Liverpool Health Officials Start Campaign to Educate Public on Health Risks of Sugary Beverages
New research has revealed that one in every four British children has tooth decay, and one child out of five needs a rotten tooth removed.
In light of these findings, public health officials in Liverpool, England, have launched a campaign to make parents more aware of the hidden sugar their children are consuming.
Even though there has been a decrease in the amount of tooth decay within the past decade, British children are entering school with extreme cases of dental issues.
Moreover, dentists say these dental health problems are entirely preventable.
The city of Liverpool has been experiencing the most severe cases of dental hygiene, as more than one-third of children have tooth decay.
Additionally, health experts predict that 2,000 children in the city will have a tooth extracted before the age of five.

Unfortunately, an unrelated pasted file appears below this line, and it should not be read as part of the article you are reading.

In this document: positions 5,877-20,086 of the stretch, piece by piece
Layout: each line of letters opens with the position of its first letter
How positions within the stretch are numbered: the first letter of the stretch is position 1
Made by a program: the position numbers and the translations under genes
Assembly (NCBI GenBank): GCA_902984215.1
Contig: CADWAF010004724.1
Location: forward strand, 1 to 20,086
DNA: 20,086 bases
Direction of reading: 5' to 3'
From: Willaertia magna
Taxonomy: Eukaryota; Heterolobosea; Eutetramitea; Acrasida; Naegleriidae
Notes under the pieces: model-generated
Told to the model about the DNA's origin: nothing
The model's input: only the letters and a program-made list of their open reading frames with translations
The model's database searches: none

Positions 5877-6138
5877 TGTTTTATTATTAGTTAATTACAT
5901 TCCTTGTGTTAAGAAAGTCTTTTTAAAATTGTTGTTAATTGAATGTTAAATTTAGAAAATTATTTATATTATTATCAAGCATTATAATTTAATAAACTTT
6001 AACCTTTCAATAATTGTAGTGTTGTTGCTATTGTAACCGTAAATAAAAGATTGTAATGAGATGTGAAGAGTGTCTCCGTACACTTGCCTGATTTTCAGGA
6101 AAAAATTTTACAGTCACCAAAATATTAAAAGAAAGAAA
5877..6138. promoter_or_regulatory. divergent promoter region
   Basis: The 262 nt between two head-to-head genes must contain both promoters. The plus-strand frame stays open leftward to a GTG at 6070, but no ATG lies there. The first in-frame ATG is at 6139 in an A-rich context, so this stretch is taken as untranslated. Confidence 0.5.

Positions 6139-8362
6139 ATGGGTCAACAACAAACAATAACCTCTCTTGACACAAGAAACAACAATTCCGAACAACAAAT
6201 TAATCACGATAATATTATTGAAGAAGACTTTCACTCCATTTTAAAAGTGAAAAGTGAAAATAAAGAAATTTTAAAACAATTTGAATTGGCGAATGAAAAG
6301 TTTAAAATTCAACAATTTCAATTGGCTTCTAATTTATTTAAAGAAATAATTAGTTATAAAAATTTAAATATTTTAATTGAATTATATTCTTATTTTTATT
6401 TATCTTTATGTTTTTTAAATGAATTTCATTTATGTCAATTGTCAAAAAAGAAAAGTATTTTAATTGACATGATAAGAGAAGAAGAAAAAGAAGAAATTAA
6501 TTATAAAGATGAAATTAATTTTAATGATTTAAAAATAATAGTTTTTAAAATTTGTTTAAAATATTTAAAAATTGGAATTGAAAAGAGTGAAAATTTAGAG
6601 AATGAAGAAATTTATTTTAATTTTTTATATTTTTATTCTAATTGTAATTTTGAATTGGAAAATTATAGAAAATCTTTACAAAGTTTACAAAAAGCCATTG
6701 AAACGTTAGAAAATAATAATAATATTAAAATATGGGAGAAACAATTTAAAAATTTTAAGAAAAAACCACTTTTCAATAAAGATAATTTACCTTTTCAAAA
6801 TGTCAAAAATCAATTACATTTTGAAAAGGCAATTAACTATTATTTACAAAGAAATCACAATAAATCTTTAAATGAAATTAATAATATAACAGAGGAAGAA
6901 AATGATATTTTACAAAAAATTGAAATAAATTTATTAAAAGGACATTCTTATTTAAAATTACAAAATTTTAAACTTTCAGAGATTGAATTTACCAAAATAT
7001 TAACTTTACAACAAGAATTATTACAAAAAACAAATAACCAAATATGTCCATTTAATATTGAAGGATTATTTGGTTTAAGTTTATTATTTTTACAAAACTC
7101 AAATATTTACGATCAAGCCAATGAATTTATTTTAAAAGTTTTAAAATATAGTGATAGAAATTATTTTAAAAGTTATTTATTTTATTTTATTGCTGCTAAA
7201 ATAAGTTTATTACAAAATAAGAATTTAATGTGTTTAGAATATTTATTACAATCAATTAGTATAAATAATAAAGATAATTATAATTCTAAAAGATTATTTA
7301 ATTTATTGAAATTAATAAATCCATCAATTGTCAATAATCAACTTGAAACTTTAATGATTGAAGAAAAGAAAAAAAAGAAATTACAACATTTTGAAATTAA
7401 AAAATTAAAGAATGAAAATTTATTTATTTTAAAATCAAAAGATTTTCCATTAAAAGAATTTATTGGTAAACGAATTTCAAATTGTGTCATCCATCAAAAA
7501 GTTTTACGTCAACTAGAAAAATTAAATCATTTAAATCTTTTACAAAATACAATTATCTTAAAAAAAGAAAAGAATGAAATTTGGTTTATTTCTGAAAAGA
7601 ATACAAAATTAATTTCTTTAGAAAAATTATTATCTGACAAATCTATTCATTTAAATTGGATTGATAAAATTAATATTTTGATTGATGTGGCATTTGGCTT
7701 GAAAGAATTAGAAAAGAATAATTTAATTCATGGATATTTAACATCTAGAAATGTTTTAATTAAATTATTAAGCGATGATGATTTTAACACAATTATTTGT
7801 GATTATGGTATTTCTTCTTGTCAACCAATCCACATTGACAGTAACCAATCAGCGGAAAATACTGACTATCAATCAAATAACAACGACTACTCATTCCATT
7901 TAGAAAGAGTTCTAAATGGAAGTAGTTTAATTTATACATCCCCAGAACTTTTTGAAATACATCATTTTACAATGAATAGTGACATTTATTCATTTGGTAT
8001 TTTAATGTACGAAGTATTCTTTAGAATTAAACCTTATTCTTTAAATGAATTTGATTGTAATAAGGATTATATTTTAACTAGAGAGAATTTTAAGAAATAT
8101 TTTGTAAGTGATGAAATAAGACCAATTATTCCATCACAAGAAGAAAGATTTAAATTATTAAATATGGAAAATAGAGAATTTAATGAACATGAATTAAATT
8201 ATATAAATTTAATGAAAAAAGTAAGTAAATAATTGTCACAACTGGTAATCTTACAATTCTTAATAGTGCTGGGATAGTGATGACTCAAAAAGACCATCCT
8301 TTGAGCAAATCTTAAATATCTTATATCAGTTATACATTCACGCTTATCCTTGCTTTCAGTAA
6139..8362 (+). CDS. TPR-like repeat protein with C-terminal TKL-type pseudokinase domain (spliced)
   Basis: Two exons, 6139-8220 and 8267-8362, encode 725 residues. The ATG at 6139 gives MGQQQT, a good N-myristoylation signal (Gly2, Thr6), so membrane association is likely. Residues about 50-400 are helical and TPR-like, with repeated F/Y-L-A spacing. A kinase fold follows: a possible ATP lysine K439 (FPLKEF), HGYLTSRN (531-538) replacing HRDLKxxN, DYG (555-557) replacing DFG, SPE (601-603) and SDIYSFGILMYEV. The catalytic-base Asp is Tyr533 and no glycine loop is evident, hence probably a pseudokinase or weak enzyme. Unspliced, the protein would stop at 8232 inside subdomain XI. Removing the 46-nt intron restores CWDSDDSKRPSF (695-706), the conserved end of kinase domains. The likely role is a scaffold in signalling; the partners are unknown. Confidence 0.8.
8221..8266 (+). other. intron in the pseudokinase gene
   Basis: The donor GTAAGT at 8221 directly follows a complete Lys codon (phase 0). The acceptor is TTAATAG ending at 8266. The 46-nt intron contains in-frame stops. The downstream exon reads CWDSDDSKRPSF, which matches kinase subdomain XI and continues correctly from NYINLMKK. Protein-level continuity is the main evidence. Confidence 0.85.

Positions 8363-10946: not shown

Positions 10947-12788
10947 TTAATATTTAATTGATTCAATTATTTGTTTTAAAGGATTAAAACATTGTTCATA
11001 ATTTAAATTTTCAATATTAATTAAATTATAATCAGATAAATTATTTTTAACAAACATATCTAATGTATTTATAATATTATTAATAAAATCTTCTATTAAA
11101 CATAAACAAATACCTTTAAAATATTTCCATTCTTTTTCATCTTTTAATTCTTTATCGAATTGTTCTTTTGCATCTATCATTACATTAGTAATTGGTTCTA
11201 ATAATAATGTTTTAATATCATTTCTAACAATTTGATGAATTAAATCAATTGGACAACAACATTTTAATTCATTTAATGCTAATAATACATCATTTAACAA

Public Health Liverpool started their campaign, Is your child’s sweet tooth harming their health?, earlier this week. They hope to drive public awareness on how sugary drinks can negatively impact a child’s overall health.
They focus on sports drinks, fruit juices, and carbonated sodas.
Some popular culprits include Lucozade, an carbonated energy drink that boats 15.5 sugar cubes per each 16.9 oz bottle, and Coca-Cola which has the equivalent of 13.5 sugar cubes per bottle.
Drinks that many perceive to be healthy topped the list as well. Tropicana orange juice has 7.5 sugar cubes in each 11 oz bottle, and Volvic flavored water has almost 6 sugar cubes in their 18 oz containers.
Health experts recommend children only consume between five to seven cubes of sugar for their maximum daily allowance.
This campaign is the first of its kind. Director of Public Health Liverpool Dr. Sandra Davies reports to BBC News that they are “the first local authority in the country to name how much sugar is in specific brands [to help people] make healthier choices.”
The council has been putting large graphic displays in various hospitals and children’s centers around Liverpool.
Tooth decay in childhood can lead to detrimental social affects once they become adults. in fact, more than 99% of adults surveyed believe a healthy smile is a valuable social asset.